December 3, 2018
Influencer marketing is already being implemented by organisations across multiple industries in order to broaden reach, generate new content, and strengthen a brand’s image. While these benefits all sound fantastic, many organisations struggle to get started. Whether it’s getting buy-in from your team, identifying influencers or deciding your approach, there are many obstacles to overcome.
Recently, Onalytica and OST hosted the #IMHuddle, an event which aimed to educate those looking for knowledge about the influencer marketing industry. The morning consisted of case studies, panel debates and even talks from industry influencers. Below are five key statistics discussed and debated at the event, which all organisations should be aware of when making their first step into influencer marketing.
We’ve all heard it before: quantity doesn’t always mean quality. However, with influencer marketing, the term should really be ‘quality leads to quantity’. This stat emphasises the importance of selecting the right influencers, and shows that if you are able to build a relationship with even a small number of key influencer figures in your industry, you can have a huge impact on the engagement of your target audience.
Social media is now a crucial part of any marketing strategy, but it may be surprising to hear that a post by an influencer can receive a lot more shares than a post by a brand. This really outlines the potential that engaging with an influencer could have for your brand. Who wouldn’t love five times as many engagements, and the potential for five times as many impressions?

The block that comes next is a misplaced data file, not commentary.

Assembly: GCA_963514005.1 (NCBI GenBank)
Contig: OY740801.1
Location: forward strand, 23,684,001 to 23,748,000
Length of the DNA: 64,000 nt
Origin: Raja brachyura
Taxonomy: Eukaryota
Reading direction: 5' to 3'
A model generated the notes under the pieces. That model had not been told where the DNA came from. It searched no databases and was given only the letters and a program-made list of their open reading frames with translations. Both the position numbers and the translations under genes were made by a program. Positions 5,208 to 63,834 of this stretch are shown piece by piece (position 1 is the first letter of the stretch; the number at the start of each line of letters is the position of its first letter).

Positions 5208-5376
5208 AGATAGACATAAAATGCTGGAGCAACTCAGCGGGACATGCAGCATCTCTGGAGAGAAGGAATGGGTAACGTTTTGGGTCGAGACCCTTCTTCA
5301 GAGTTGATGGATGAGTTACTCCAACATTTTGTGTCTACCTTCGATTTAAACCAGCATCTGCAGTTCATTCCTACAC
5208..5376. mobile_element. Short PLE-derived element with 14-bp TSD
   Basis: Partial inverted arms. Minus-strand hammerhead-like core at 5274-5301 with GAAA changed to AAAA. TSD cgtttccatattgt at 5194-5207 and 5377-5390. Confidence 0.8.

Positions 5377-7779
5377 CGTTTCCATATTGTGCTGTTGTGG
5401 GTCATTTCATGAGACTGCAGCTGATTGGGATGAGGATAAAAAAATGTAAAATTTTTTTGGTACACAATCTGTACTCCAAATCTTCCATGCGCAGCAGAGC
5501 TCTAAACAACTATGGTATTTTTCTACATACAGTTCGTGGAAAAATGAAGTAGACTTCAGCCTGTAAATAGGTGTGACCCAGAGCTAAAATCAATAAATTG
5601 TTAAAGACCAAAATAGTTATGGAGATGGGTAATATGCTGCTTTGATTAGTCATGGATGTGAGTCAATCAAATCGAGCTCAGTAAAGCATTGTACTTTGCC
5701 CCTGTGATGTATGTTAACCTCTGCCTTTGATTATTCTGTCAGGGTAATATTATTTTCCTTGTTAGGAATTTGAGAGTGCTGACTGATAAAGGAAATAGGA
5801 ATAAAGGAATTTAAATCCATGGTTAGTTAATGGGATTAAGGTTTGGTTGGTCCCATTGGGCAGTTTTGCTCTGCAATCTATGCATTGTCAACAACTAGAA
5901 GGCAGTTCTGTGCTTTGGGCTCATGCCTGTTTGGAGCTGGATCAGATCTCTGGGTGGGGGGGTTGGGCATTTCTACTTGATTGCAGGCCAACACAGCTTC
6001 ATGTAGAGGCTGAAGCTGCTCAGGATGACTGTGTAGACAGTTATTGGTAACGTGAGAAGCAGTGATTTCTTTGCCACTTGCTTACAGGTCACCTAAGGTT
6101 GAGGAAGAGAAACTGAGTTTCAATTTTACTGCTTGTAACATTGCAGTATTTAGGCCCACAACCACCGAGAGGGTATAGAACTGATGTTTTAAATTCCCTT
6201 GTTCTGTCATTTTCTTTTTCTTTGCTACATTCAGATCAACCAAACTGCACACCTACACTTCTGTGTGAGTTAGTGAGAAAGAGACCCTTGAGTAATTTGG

First, let’s be clear: not all influencers are looking for payment, but at the same time, a lot of influencers are looking for payment. That’s something everyone should be aware of when looking to implement an influencer marketing campaign. This is also something that’s important to highlight when seeking buy-in from the rest of your team: yes, some influencers look for payment, but this isn’t their biggest priority.
The actionable advice that this stat tells us is that when looking to engage with an influencer, you should ensure that they are aware that your brand has the same values, vision and goals as them. This way, you can work as partners to help their influence – and your audience – grow.
Something everyone seemed to agree with at the #IMHuddle was that a frequent barrier for forming an influencer engagement strategy is difficulty determining ROI. It’s useful to remember that an influencer is not usually used to directly make sales. Instead, they should improve your brand image and reputation, which will ultimately likely have an impact on sales figures. Before embarking on your influencer marketing campaign, it’s worth setting KPIs.
There is currently a disconnect between what an influencer is willing to do for an organisation, and what companies expect from their influencers. Having a high follower number may encourage brands to see influencers as purely useful via social media, however, this is not the case at all. The influencers at the #IMHuddle all write their own blogs, speak regularly to broadcast media and write longer thought leadership articles for online publications. Don’t put your influencer in a box: it’s worth having a longer conversation with them to see how your relationship could work.
With these stats in mind, it’s time to start thinking about how to get buy-in from your team and begin working on your influencer marketing approach. The next step? Identifying your influencers. More on that to come…